Here is Kansas basketball in two sentences: On Saturday afternoon in West Virginia, KU’s freshman mega-talent racked up more points than any Jayhawk in the last 23 years.
And No. 8 KU still lost, falling flat early in a 92-86 loss to West Virginia on the final day of the Big 12 season.
So in the minutes after another setback — after an opposing crowd had rushed the floor for the fifth time this season — KU freshman Wiggins moved through a hallway inside WVU Coliseum, his spidery hands rubbing at his hips. He had scored 41 points on 18 shots, the sort of efficiency dream that came packaged with a full stat line. He had nearly led Kansas back from 25 points down in the final 16 minutes.
“There’s nobody in America that will have a better game than what Andrew had,” Kansas coach Bill Self would say.
But as Wiggins rubbed at his shorts, he stayed mostly stoic. No smiles. No scowls. Just Andrew. Who could really process this? Wiggins drops 41, Kansas loses?
“It’s a good thing, but we lost,” Wiggins said. “I’d rather score five points and win than 40 and lose. It’s not really something really that great. We lost.”
So now the regular season is over, and how you feel about Kansas, 23-8 overall and 14-4 in the Big 12, probably depends on how you feel about the Jayhawks’ chances to make a deep run in the NCAA Tournament in the coming weeks.
In a Big 12 sense, this game was meaningless for Kansas. But that doesn’t mean it was without meaning.
For brevity’s sake, Kansas lost on Saturday because junior guard Naadir Tharpe didn’t play like the leader that Self demands he be. Tharpe went scoreless while being benched for more than half the game. And he put no pressure on West Virginia guard Juwan Staten, who controlled the game with 24 points and nine assists.
“I need to do better to help the guys,” Tharpe said.
Kansas lost because freshman center Joel Embiid was back home in Lawrence, resting his lower back strain. The Jayhawks had outrebounded 26 of 30 opponents before Saturday, and West Virginia owned a 37-31 advantage on the glass.
The Jayhawks lost because — as a whole — they slept through the opening 24 minutes, falling behind 64-39 with more than 16 minutes to play. By that moment, Self was already out of timeouts and the Jayhawks were being run out of Morgantown.
“We’ve gone through stretches this year where we haven’t guarded well,” Self said. “But I think that’s probably as poor as we’ve been.”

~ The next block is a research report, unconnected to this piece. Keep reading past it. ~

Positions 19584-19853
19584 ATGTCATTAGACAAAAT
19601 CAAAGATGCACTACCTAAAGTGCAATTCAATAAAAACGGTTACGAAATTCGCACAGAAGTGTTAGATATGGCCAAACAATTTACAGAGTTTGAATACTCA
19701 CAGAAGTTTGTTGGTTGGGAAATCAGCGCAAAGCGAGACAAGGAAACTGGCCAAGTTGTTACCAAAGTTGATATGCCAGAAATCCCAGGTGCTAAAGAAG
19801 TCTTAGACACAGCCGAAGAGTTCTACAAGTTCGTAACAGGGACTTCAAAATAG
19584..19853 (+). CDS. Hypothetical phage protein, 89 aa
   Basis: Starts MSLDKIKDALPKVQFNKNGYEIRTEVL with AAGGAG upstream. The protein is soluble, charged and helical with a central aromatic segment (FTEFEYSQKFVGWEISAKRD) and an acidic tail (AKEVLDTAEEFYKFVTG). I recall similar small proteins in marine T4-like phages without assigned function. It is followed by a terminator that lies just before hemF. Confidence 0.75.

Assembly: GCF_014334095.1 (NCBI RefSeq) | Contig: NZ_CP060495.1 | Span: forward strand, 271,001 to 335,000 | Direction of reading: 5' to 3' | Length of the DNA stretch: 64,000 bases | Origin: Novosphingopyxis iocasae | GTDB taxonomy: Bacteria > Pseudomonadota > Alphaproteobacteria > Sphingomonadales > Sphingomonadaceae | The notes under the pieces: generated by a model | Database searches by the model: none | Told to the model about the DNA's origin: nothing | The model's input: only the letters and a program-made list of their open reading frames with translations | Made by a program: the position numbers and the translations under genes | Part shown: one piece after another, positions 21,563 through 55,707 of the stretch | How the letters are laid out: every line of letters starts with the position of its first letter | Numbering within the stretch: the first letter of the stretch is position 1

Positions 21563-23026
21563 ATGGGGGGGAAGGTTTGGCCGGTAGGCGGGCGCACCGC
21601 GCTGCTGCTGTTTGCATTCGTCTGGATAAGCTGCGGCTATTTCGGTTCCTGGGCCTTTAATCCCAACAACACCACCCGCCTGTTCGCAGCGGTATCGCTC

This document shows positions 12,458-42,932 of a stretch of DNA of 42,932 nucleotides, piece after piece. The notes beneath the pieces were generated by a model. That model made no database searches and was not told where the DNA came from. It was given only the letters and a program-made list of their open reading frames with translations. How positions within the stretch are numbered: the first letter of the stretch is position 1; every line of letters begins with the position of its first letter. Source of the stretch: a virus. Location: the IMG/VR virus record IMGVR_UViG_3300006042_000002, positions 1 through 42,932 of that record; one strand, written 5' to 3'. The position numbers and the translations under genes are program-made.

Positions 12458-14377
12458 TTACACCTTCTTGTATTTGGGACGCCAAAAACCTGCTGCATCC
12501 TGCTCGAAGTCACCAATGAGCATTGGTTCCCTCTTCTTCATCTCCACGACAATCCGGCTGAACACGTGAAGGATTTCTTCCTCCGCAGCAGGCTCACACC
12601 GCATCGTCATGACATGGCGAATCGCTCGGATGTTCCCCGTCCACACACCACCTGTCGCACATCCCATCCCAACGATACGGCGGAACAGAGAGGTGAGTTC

The Jayhawks, of course, had arrived in West Virginia with little to play for. They had wrapped up their 10th straight Big 12 regular-season championship seven days earlier. They could burnish their credentials for a No. 1 seed in the NCAA Tournament, but this KU team will ultimately be judged by what happens in the postseason — not in Morgantown. Still, Self wasn’t about to entertain that as a possible excuse for what happened inside WVU Coliseum.
“I think that’s kind of a bogus statement, too,” Self said.
The Jayhawks mounted a furious comeback, cutting the lead to 85-80 with more than a minute left. But the hole was too deep. The Mountaineers’ top three scorers — Staten, Devin Williams and Eron Harris — were just too much.
“Their big three had 74 points on us,” Self said. “And our big one had 41.”
Wiggins, who fouled out in the final minute, finished with 24 of his 41 points coming in the second half, hitting 12 of 18 from the field and 15 of 19 from the free-throw line. It was the most points by a Kansas player since Terry Brown scored 42 against North Carolina State in 1991.
For Wiggins, this was a quasi-homecoming. He had finished high school in Huntington, W.Va., a three-hour drive across the state. His host mother, Lesley Thomas, was here Saturday. And this was, Self would say, Wiggins’ most complete game as a college player.
“I just tried to play very active,” Wiggins said. “Because we were down the whole game, so I knew we needed stops to get back.”
So if there’s a silver lining for Self and Kansas, perhaps Wiggins can take another step toward his ceiling as the NCAA Tournament approaches. But the Jayhawks, of course, have more concerning problems. They need a physically healthy Embiid (his status will be re-evaluated on Sunday), and they need a mentally healthy Tharpe.
“I thought he got off to a rough start, and he needs to do some things to help lead us a little bit when things aren’t going well,” Self said of his point guard. “We just tried to play the most competitive guys there late.”
One year ago, Kansas concluded its regular season by laying an egg in a blowout loss at Baylor. The Bears were a NCAA bubble team, and would eventually go on to win the NIT. This was a familiar scene, so it’s worth remembering. Last year’s KU team would still claim a No. 1 seed after winning the Big 12 Tournament. Perhaps the same can happen this year.
But some things will need to change. On Saturday afternoon, Self referenced a speech that San Francisco 49ers coach Jim Harbaugh gave his team earlier in the week, when Harbaugh visited a shootaround.
“Energy always finds the ball,” Harbaugh told the KU players.
“When you really think about it,” Self added. “It’s true.”